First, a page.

(Image won’t appear on here, so I left the link above for those who wish to see the graphs)

Trends: I liked this one the most because I wanted to take a few of the most commonly used words to see what they might have in common with each other. I chose “man”, “father” and “life” to see if there would be any type of connection. Within the first segment, all three of these words have been used a similar amount of times. As time progresses, they drift further and further apart. Between the sixth and seventh segment, they come together again showing that in that particular moment in the text, those words were more commonly connected to one another. This graph was the most clear to me because it showed the use of the words pretty vividly in the graph.

Cirrus: The one is really interesting because it spits out random words used commonly within the text by presenting it in a more up close and personal manner. However, this one does not narrow down the most frequently used words in a much smaller window. This type of presentation is much more broad.

Bubblelines: This one is useful because not only does it show commonly used words, but it shows the context in which they were used in. For example, lets take the word man; we have the sentence “imprinted by the foot of man”. Man in this case would represent mankind, whereas the sentence “her lover. But the old man” would refer to male human. This is interesting because we never really realize the many contexts in which we use such common words.


I find this section to be quite interesting and pretty user friendly for the reader. Moretti uses “trees” as a way to categorize and break down certain evolutionary  literary studies over time, or in other words “systematically correlated with form”. (69) I like the idea of  the “detective fiction” because it’s a clever and fun way to attract readers to a novel, and help them critically think about all the obvious and not so obvious clues given within the plot. The idea of a tree diagram becomes very useful for readers because it makes an easy to follow pattern connecting other similar works together. I’d like to look at it as a “family tree”.  It allows things to connect to other things that have similarities. Lets take the idea of a fair tale for instance. Each cliche story would include a damsel in distress, a handsome prince, villain, and magic for instance. These things could be tracked in a form of a tree to make it categorized in a very specific way that stands out from the rest of genres of stories/novels.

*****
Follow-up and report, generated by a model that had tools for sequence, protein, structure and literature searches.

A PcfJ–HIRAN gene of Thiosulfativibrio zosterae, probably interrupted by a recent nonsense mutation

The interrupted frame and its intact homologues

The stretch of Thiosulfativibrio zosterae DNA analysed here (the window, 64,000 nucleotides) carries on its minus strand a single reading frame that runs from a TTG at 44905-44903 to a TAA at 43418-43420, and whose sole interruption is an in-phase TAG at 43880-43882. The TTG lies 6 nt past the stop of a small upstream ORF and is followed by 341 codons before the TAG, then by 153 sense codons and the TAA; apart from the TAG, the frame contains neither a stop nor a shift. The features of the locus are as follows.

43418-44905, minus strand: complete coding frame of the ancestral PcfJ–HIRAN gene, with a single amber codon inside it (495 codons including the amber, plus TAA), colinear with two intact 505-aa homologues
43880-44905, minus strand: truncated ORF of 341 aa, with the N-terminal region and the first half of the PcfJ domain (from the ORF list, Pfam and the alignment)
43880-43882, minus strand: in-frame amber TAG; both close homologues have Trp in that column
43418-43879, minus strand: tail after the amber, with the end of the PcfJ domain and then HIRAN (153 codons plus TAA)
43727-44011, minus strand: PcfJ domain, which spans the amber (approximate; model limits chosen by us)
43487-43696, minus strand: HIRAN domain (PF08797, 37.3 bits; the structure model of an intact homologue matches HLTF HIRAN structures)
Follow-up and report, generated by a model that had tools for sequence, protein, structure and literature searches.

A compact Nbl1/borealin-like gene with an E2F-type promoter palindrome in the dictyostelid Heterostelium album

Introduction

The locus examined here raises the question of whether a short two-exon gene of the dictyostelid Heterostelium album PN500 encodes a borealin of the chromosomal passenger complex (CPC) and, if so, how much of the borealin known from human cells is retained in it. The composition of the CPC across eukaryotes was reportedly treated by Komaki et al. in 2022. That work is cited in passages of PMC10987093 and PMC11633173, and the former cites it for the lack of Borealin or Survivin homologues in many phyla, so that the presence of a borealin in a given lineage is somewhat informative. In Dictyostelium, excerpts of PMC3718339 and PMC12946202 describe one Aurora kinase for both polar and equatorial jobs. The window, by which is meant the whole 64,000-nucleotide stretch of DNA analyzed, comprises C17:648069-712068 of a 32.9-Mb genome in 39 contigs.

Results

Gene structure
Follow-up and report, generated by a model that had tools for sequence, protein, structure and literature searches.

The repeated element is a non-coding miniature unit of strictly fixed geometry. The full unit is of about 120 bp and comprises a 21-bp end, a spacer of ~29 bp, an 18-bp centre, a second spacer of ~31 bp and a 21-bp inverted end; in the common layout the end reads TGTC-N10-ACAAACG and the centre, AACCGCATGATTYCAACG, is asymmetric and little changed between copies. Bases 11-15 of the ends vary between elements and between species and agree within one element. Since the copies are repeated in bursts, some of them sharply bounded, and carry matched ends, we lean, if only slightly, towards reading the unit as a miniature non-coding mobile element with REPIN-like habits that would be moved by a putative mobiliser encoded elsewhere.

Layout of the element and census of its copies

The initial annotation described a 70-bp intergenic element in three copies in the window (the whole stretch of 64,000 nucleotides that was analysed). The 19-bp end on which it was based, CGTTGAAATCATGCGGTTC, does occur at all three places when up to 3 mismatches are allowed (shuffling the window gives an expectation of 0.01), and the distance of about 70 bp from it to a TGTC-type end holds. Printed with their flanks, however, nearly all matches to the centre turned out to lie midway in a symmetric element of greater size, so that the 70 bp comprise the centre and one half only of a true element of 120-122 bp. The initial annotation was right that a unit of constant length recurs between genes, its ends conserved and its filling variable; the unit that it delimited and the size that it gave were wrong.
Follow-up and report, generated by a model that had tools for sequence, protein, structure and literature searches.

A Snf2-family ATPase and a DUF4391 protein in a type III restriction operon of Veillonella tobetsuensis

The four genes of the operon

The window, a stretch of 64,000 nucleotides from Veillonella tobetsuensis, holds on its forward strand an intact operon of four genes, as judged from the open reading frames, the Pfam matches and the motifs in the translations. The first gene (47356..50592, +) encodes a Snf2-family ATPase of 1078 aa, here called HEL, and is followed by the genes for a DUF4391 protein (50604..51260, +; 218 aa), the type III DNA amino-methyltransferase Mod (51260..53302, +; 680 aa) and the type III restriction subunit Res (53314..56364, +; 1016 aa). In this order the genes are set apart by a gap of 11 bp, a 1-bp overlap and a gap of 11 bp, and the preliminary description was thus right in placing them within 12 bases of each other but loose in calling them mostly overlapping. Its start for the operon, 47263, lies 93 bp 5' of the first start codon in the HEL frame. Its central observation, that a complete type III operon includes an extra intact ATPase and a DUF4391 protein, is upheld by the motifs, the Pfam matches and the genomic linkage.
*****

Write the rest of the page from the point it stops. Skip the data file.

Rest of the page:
I think that this for of categorization is very useful and intriguing to the reader. It gives readers a good and clear picture of certain genres for instance and the common bonds they all share. It is also good for giving dates of works over time to create and evolutionary chart that will keep expanding as time moves on. It is a fun way to make connections to things and help draw out an actual picture for the reader to understand.

Graphs, Maps, Trees

This book goes a much more into further detail of the topics covered in our last class discussion. It focuses on a much broader way to research literature over a humongous period of time. It also shows us the rise of novels throughout different countries around the world, including Britain, Japan, Italy, and Spain. It goes a little further into these divisions and subdivisions of genres, as they try to categorize them.

I found it extremely interesting that there were several downturns within literature due to politics. Political crisis had a lot to do with the way in which a novel is written. I would find this quite the opposite if I was a reader during a time of war and so on. I would actually find a novel more intriguing to read through the eyes of someone else, especially if they have an opposing view as mine. In modern day, we have social media to share our opinions on political views, now more than ever since we are having such an unorthodox election. As upset as people get, they still enjoy reading posts about the presidential candidates as a weird pleasure for themselves. I would assume this would be the same for someone reading a novel around the time of the Risorgimento War (pg 9) for instance.

I don’t have much of a question, but rather an observation that through these digital studies, we are able to really break down reading material into way we never thought possible. It is a very helpful tool to use because it lets you see works from all different types of angles. It also is very useful to make comparisons with novels from different countries, and analyze why one may have a great downfall than the other, by putting it all into a more mathematical term that could be understood a lot more clearly through graphing. The graphing also helps everyone see why certain categorizes for genres are made, and why there are ever sub categories a well. That’s very useful when examining a novel much more closely.

What “The”..?!?!